Fencing against soil erosion




Fencing technique can be also used for prevent soil from water erosion. This purpose is usually achieved by using wooden fences and, as side effect, it increases the crop yield, by encouraging water infiltration. It is important to place the wooden poles quite close to each other, or to weave the lateral branches, in order to create a sort of  barrier and try to stabilise as much soil as possible.


A good example of wooden fences as a mean to reduce soil erosion can be found in Turkey. Dry areas in semi-arid regions are often exposed to soil erosion, especially on hillslopes, due to sudden heavy rainfall. The dry croplands in the semi-arid mountainous areas of central Anatolia have been successfully fenced to control soil erosion. The fencing technique consisted of using woven wood fences made of 150 cm long wood poles inserted into the ground. The space between the posts was filled by weaving the branches of the poles. The distance between the fences depends on the gradient and soil texture. Despite the simplicity and cheapness of this intervention, field tests have demonstrated that it can double crop yield and reduce soil loss.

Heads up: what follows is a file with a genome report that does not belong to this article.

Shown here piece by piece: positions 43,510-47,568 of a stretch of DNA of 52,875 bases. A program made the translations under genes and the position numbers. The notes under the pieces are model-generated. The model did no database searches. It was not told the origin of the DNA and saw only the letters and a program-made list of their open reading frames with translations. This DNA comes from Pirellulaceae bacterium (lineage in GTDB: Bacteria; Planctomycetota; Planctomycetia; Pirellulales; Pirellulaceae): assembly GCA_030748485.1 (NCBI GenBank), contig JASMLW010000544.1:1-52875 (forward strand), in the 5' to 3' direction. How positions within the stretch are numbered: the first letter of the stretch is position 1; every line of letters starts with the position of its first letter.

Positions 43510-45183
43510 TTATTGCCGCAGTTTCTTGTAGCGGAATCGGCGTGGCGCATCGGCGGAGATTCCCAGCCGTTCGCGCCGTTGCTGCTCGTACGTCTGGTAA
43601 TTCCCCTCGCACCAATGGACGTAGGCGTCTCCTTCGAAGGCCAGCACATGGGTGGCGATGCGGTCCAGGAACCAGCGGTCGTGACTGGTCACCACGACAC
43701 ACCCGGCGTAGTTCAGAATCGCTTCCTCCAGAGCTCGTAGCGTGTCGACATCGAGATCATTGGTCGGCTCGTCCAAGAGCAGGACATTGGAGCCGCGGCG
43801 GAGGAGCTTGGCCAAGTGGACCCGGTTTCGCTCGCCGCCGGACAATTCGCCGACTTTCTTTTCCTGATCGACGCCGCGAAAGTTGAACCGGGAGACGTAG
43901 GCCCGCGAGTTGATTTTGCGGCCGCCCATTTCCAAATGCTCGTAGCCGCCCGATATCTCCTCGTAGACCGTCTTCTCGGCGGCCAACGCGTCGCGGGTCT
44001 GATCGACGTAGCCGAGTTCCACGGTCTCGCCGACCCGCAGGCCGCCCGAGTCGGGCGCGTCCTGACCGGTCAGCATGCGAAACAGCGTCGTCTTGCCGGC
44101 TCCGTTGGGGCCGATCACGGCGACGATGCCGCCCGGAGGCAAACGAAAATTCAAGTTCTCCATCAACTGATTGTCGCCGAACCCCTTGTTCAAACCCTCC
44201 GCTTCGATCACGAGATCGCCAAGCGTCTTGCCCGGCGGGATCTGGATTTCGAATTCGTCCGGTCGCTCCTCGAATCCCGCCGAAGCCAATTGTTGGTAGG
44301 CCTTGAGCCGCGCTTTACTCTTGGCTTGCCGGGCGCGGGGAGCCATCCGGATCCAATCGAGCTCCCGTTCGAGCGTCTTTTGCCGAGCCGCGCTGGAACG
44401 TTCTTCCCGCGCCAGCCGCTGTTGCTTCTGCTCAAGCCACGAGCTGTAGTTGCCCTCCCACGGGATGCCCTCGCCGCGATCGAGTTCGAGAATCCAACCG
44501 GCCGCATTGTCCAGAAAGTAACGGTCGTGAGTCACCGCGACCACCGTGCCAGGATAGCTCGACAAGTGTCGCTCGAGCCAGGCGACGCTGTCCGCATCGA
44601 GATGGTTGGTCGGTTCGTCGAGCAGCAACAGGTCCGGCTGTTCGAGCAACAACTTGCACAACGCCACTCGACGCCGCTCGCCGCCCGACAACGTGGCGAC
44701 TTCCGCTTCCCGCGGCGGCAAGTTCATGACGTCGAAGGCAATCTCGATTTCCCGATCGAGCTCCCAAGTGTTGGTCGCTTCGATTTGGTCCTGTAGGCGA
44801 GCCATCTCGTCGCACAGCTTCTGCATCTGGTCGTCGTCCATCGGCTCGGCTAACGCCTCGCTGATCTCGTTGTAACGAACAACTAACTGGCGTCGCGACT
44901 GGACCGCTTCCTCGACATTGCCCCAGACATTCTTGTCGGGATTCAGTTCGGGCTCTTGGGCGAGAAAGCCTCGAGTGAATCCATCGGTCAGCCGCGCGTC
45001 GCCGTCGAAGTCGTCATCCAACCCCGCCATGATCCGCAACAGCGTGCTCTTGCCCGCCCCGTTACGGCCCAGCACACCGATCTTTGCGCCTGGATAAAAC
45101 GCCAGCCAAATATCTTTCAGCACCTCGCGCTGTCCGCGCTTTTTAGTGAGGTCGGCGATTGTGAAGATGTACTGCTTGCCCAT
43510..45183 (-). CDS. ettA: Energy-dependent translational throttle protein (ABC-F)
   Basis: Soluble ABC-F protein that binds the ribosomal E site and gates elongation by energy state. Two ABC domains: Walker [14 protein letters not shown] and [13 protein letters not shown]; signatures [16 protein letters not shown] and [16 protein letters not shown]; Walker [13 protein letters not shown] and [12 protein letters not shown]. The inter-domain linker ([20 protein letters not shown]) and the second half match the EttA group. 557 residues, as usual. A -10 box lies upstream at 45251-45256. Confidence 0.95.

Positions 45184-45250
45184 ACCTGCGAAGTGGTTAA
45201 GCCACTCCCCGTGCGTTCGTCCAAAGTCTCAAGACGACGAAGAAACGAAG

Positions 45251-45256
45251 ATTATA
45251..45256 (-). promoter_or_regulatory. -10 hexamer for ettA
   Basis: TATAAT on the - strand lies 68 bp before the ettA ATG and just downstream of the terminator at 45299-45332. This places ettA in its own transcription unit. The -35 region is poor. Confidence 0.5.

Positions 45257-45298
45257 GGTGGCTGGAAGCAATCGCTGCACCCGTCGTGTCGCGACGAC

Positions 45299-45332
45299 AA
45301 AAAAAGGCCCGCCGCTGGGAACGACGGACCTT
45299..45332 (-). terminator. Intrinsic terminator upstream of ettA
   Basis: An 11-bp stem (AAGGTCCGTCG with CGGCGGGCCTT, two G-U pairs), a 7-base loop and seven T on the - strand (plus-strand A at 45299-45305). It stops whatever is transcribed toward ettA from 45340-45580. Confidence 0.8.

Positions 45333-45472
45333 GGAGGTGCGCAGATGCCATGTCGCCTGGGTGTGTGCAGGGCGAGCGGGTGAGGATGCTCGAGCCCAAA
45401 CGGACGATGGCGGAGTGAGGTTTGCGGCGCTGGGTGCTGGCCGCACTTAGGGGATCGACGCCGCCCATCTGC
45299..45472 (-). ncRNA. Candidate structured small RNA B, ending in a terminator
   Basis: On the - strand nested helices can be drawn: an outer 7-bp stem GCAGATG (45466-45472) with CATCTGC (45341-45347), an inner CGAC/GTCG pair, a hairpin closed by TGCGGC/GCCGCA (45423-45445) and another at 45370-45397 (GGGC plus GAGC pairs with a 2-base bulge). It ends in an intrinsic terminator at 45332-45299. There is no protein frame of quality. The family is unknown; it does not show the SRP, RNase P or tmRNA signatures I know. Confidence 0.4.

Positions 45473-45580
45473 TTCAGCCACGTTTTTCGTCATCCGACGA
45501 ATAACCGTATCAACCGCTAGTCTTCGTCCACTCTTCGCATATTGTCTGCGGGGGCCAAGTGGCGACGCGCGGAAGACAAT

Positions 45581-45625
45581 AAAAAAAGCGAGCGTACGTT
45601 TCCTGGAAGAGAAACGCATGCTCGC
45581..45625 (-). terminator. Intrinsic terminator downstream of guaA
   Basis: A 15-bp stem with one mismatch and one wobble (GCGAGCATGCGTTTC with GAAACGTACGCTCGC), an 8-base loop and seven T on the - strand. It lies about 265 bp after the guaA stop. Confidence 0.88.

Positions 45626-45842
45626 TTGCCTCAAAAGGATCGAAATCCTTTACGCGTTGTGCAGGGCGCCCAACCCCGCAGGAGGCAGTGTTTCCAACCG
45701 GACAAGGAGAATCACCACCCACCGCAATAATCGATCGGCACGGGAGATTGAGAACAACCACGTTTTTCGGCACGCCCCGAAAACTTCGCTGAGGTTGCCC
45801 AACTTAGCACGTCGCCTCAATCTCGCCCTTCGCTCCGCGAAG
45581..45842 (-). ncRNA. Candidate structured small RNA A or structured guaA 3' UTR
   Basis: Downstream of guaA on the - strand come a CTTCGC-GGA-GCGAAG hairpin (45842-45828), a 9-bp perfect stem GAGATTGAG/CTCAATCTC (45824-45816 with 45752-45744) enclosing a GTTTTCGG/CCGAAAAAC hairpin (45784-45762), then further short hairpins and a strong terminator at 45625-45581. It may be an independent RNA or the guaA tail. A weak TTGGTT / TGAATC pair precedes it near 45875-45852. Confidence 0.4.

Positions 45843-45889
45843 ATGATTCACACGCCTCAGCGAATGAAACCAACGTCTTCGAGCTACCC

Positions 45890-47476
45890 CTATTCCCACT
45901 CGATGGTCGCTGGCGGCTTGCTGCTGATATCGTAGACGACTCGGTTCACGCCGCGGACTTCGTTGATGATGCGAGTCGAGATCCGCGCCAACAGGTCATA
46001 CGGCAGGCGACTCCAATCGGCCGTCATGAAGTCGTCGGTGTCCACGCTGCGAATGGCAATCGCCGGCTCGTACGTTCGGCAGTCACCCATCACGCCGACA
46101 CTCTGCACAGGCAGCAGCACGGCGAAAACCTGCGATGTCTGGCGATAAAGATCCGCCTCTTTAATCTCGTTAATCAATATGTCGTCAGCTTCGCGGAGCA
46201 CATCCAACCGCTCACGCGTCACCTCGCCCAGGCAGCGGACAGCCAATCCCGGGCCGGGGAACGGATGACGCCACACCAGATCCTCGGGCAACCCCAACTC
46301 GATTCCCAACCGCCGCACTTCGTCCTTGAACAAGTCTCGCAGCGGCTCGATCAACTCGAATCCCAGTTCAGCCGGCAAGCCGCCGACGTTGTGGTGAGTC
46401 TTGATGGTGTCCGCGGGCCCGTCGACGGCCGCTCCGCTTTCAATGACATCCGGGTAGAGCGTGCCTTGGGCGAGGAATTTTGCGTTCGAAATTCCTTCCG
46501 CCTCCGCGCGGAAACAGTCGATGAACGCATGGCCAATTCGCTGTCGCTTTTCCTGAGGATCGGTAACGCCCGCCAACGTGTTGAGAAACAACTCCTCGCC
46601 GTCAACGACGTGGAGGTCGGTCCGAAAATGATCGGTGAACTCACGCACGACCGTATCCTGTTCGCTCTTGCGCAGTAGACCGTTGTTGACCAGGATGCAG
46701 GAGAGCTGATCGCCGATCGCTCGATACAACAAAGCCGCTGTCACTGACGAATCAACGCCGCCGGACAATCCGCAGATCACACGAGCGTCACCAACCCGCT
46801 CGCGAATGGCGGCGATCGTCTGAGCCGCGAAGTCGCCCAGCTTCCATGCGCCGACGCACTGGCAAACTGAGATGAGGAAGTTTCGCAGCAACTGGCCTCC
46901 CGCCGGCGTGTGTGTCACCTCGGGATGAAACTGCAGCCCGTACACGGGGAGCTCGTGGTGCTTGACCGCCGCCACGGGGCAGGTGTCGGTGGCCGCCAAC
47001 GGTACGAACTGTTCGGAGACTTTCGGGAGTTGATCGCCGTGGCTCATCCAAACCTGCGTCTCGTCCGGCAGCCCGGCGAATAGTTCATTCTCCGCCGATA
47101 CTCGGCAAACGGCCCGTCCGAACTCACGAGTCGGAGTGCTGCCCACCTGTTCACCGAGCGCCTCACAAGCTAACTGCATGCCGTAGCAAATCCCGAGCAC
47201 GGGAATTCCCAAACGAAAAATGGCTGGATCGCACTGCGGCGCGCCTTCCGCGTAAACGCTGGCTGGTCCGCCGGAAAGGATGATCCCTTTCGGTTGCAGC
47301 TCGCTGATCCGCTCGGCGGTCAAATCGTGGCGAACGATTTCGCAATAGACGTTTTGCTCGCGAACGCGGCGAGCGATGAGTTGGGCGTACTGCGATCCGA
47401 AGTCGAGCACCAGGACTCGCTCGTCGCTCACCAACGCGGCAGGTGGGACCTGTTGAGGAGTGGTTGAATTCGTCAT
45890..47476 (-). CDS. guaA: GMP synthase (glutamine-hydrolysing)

Consulted sources:
Food and Agriculture Organization of the United Nations, 1991, Chritchley & Siegert, Water harvesting, http://www.fao.org/3/u3160e/u3160e00.htm. Reproduced with permission
WOCAT, 2012, Schwilch, Hessel & Verzandvoort, Desire for Greener Land, https://edepot.wur.nl/212528. Reproduced with permission.

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